Since 2004, Pennsylvania’s Conservation Landscape Program has been using place-based partnerships to drive strategic investments and actions around sustainability, conservation, community revitalization, and recreation projects.
These large regions in the commonwealth are recognized nationally as successful models of collaboration. Each are different in their own way, but all serve as examples of best management practices on how to work together toward a conservation goal.
Lehigh Valley Greenways (PDF) is one of the eight landscapes. This Conservation Landscape is using greenways and trails to connect natural and cultural resources in Lehigh and Northampton counties -- tackling big projects in an urbanized landscape.
New Opportunities to Enjoy the Outdoors in the Lehigh Valley
Lehigh and Northampton Counties are some of the fastest growing in the commonwealth, with a population forecasted to reach more than 750,000 by the year 2030.
Residential growth is consuming agricultural lands and open space at a rate of four-square miles per year.
Since 2013, more than 75 percent of the valley’s industrial development has been warehouse development. In 2016 alone, nearly 1,000 acres were subdivided for warehouses.
In addition to rapid development, the valley has limited public lands and parks compared to other parts of the commonwealth.
For this reason, offering the public additional opportunities to enjoy the outdoors has been a guiding theme for partners in this Conservation Landscape.
“Since its inception, Lehigh Valley Greenways has been a tremendous resource and partner for us. Not only has it provided funding for such wonderful projects as bicycle and pedestrian enhancements, urban meadows, and stream restoration activities, it has also provided connectivity to other partners with similar needs and has increased the public visibility and awareness of the importance of conservation efforts,” said City of Easton Director of Public Services David Hopkins. “The city today is on a much more sustainable course as a result of its partnership with the Lehigh Valley Greenways, and we are proud of the accomplishments achieved together.”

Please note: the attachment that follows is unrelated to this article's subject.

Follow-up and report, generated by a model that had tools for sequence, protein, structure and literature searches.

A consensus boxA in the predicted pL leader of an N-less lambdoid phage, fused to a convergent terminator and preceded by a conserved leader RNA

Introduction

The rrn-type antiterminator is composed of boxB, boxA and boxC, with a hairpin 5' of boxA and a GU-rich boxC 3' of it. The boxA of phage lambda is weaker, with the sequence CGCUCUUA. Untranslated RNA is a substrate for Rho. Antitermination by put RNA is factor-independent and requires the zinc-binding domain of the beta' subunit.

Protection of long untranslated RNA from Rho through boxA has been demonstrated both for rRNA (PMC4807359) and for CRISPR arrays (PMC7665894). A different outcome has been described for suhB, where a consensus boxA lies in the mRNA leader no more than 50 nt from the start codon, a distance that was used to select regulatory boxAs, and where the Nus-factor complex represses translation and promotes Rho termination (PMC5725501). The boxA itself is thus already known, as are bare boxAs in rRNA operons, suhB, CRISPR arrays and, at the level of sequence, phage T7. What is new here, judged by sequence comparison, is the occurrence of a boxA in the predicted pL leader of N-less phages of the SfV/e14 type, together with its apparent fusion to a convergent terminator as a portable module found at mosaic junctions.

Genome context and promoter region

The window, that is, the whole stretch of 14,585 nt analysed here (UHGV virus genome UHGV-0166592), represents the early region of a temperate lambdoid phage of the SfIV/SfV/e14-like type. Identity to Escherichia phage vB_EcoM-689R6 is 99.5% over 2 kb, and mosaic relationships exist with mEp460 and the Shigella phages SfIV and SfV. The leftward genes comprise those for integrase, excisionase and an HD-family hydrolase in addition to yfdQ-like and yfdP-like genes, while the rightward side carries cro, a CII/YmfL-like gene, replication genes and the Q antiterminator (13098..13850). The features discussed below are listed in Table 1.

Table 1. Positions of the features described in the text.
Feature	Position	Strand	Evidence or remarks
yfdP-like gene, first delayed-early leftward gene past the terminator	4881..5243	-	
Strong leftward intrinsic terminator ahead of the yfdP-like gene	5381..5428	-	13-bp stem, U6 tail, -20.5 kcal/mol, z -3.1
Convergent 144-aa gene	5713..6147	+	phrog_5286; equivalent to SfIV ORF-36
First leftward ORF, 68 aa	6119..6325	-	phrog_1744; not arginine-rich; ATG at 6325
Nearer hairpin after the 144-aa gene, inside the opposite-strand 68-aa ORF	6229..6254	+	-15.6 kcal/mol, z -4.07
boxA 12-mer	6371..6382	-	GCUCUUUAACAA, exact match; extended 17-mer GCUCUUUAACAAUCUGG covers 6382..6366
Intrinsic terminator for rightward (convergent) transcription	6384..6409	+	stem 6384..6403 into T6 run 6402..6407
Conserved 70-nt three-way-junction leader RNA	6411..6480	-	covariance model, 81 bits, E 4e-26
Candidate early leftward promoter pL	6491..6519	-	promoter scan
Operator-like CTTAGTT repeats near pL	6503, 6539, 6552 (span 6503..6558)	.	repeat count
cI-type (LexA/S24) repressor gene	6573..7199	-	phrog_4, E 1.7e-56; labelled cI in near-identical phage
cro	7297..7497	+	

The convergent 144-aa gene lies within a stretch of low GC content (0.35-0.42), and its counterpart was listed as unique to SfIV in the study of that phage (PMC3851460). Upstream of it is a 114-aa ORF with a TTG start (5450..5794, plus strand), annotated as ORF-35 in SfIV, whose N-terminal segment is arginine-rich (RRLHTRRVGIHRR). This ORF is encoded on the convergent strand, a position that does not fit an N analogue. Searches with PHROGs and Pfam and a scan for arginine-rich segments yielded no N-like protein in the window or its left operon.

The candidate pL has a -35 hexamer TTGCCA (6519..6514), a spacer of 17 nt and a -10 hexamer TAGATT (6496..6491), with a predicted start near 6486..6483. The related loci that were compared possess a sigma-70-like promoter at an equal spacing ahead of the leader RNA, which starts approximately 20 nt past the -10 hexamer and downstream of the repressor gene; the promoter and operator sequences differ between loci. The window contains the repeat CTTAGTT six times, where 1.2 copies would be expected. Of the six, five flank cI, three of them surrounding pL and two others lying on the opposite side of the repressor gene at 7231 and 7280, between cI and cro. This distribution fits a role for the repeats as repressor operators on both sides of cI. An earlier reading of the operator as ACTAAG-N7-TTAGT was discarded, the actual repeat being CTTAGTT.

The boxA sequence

D&L Trail is the Spine of Lehigh Valley Greenways
The Delaware and Lehigh National Heritage Corridor (D&L) serves as DCNR’s external lead organization for the landscape and the on-the-ground convener for landscape initiatives.
The overall vision for the landscape work is to link Lehigh Valley communities to greenways, trails, and outdoor experiences resulting in stronger local economies and improved public health, green infrastructure, and natural resources.
Central to this is an ambitious plan to build a trail 165-miles-long, stretching from Wilkes Barre almost to Philadelphia.
The D&L Trail, which follows three historic transportation routes -- Lehigh Valley Railroad, Lehigh Canal, and Delaware Canal -- runs through state park lands to the north and south of the Lehigh Valley.
However, the 40-mile section through the valley itself has many gaps caused by urban encroachment. Connecting the pieces of this section of the trail before it is too late is one of the Conservation Landscape’s highest priorities.
Partners and funders are rallying around the trail partners with hopes of completing the D&L Trail across the valley by 2023.
Lehigh Valley Greenways Accomplishments and Goals
The LINK Trail Network -- The LINK Trail Network is a partnership between Lehigh Valley nonprofits, state, and local governments. This project will create an interconnected network of 125 miles of trail with plans to close many of the region’s priority trail gaps.
Riparian Buffer Task Force -- Lehigh Valley Greenways has a Buffer Task Force to coordinate, track metrics, share success stories, and help meet stream restoration goals.
Green Retail -- The Lehigh Valley Green Retail Program allows trail and park users to directly support those amenities by donating when they purchase something at participating outdoor recreation businesses.
Action Plan -- The current Lehigh Valley Greenways Action Plan (PDF) has five goals and a number of action steps, including:
- Engaging new and diverse groups to join the partnership
- Preserving 400 natural and 100 agricultural acres
- Expanding streamside buffer plantings
- Closing trail gaps and promoting trail etiquette
Learn more about the Conservation Landscapes on the DCNR website.